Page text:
2014 has been dubbed by many as “The Year of the Data Breach.” While data breaches are not new, the recent slew of highly publicized retailer breaches has left companies wondering – If breaches can’t be prevented, why should we do anything different? The following list is based on audience comments and participation during our 2014 “breach mitigation and response” presentation series. In our experience, a bit of debunking goes a long way to help companies prioritize efforts to address data and IT-related risks.
Myth 1 – We don’t have sensitive data
If you have employees, business contacts, consumer website users or customers, then you have sensitive data that is regulated under a patchwork of laws and regulations.
Myth 2 – Data breach mitigation and response is an IT project
Yes, the IT staff implements technical and operational aspects of a company’s technology systems. But breach prevention and response is an ongoing process that is best addressed by multiple stakeholders. Management, lawyers and forensics experts also play a critical role in breach mitigation and response.
Myth 3 – IT and data risk management are not issues for management or the board
IT systems and data involve financial and reputational risks that affect the entire organization. Management sets the tone for the types of attention being given to these issues. And the Securities and Exchange Commission (SEC) recently warned that “boards who choose to ignore, or minimize, the importance of cybersecurity oversight responsibility, do so at their own peril.” Go to this Safeguarding Business Alert for more information.
Myth 4 – Outsourcing is a way to avoid responsibility for the data
Outsourcing may physically remove the data from the organization, but it does not remove the legal obligations of the organization that outsources. Whether moving data operations to the cloud or a hosting center, or using third party systems to collect or process information, outsourcing functions involving data assets raise new considerations in vendor selection and contracting.
Myth 5 – Our CGL policy covers us for data breaches
Commercial general liability (CGL) insurance policies provide businesses with a wide array of coverage, but companies can expect that claims based on data breach incidents uniformly will be denied under the new standard forms for CGL policies issued by ISO—the Insurance Services Office, Inc. Go to this Client Alert for more information.
Myth 6 – Our privacy and security officers have these issues covered for us
An internal structure that includes privacy and security officers is the foundation for any data privacy and security program. But they, alone, can’t “make” the company compliant, or “prevent” the company from having a breach.
Myth 7 – Our technology makes us compliant
The market is full of technologies that facilitate data privacy and security, but no one technology is or can make an organization compliant. A holistic strategy is needed to address data risk concerns from technical, legal and operational perspectives.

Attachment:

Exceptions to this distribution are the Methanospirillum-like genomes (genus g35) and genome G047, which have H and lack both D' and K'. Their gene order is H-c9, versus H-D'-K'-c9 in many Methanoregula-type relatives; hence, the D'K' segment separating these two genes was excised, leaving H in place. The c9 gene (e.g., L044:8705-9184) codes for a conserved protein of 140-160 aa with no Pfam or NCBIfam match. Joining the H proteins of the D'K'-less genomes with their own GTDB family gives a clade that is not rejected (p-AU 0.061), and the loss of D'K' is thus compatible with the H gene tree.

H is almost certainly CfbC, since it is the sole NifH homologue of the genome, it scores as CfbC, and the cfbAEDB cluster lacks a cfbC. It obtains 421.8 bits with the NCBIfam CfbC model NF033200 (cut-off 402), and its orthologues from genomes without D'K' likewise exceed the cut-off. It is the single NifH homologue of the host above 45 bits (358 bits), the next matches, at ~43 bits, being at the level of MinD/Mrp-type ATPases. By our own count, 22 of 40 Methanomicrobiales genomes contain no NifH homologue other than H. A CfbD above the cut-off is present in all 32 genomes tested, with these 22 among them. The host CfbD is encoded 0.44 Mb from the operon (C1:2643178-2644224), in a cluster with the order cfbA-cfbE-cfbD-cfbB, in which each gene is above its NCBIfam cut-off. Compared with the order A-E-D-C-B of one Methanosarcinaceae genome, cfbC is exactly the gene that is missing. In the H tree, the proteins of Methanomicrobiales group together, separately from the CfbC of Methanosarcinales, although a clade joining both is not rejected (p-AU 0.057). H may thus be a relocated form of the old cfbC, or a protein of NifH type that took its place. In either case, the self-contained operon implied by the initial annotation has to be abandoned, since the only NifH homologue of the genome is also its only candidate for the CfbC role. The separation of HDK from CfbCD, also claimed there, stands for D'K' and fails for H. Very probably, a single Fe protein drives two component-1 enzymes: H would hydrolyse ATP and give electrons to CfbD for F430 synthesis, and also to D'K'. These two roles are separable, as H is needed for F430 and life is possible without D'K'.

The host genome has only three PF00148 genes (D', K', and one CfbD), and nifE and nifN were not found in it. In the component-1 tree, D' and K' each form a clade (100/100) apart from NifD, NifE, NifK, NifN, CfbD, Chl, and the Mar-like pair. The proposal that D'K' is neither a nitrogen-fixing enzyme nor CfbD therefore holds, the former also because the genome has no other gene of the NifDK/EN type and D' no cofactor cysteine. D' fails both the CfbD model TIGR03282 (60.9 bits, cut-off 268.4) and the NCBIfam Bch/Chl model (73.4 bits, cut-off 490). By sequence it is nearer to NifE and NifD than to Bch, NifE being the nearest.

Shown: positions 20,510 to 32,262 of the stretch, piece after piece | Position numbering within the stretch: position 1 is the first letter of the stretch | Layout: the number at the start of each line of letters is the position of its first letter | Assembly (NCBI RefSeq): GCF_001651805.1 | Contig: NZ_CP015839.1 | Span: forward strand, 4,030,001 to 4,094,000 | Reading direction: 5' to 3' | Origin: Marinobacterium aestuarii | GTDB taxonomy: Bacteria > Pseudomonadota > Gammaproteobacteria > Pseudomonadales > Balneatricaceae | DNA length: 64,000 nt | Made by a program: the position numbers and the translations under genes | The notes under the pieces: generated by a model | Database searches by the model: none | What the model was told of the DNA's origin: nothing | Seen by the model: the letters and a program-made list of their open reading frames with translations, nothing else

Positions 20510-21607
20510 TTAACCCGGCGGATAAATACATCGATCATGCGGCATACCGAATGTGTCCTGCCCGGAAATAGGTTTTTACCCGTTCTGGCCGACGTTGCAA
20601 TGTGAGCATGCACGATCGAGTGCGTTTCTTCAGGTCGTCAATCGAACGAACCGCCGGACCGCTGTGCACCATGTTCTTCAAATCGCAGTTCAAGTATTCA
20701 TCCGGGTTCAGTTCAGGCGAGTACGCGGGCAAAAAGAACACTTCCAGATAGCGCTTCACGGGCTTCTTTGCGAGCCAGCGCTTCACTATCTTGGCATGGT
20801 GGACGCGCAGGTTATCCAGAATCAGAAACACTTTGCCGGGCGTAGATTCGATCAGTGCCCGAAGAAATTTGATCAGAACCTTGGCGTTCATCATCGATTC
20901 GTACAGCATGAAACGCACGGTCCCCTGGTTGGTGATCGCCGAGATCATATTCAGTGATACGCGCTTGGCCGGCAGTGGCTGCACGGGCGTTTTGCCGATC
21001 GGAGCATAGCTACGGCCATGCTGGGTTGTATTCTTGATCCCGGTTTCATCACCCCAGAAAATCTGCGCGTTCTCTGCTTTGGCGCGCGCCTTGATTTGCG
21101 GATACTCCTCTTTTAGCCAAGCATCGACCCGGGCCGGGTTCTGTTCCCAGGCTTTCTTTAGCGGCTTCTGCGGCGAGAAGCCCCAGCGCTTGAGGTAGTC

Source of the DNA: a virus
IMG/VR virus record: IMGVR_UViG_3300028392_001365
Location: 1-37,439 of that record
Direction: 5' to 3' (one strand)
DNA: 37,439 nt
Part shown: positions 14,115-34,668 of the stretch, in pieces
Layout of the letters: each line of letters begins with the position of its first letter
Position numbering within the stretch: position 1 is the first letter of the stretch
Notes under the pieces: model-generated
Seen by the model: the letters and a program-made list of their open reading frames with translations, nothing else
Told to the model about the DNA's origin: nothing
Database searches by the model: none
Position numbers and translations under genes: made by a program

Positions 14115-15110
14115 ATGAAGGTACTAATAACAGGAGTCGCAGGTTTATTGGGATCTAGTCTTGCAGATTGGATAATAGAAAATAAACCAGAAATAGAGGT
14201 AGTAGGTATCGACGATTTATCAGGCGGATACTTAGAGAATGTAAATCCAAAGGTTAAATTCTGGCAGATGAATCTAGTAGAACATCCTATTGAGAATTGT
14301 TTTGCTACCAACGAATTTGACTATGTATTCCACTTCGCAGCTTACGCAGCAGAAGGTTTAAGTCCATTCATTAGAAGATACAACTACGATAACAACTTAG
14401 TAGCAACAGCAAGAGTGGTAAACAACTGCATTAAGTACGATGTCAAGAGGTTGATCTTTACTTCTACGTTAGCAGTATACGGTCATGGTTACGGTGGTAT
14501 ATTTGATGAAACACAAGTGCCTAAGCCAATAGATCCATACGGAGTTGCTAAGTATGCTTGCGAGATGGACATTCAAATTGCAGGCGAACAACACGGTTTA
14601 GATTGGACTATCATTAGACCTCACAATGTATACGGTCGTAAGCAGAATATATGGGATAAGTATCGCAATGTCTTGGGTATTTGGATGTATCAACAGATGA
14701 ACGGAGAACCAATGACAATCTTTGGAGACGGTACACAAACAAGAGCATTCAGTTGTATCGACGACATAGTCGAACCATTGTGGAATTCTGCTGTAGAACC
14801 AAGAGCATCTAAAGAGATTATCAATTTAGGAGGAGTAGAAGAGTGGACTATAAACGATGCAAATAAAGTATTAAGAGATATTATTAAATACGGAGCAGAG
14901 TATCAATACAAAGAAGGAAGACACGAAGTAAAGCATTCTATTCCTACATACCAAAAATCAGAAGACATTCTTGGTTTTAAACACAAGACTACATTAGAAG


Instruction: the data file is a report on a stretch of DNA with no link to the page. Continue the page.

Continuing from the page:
Myth 8 – Our employees already know what to do
User error is a major cause of data mishaps. Rapidly evolving information technologies and an assortment of hackers finding creative ways to attack have left many users in the dark about current best practices.
Myth 9 – Our IT policies are enough to address data breach mitigation and response
Organizations that do not have, or have not revisited, their privacy and security policies in the past year should do so now. The law continues to evolve at warp speed. New obligations are likely to have arisen, and employees need a guidebook on how to spot problems and who to call.
Myth 10 – Deleting the data and audit trails will keep us from having to notify anyone in the event of a data breach
Without sufficient technical information ruling out the possibility of a breach, companies often are placed in a position of over-notification. In addition, preserving this information may be a legal responsibility.
About Alicia Gilleskie
Alicia Gilleskie leads Smith Anderson’s Data Use, Privacy and Security Practice, and focuses her practice on regulatory and transactional matters involving technology, data privacy and security, licensing and outsourcing, Internet and other intellectual property and commercial matters. Alicia’s clients range from start-ups to Fortune 100 companies in the software, IT, software-as-a-service (SaaS), life sciences, healthcare, Internet, retail, and data hosting industries.
On the regulatory side, Alicia provides counseling on matters such as HIPAA and business associate agreements, Smart Grid technology, FTC Act, GLBA, COPPA, FCRA, FACTA, PCI DSS, audits and investigations, and the creation of policies and procedures. She has handled a myriad of data breach response matters under federal and state breach notification laws. On the transactional side, Alicia’s work includes technology contracting and collaborations involving data hosting, cloud computing and SaaS platforms, health information systems and exchanges, payment processing and IT development and commercialization.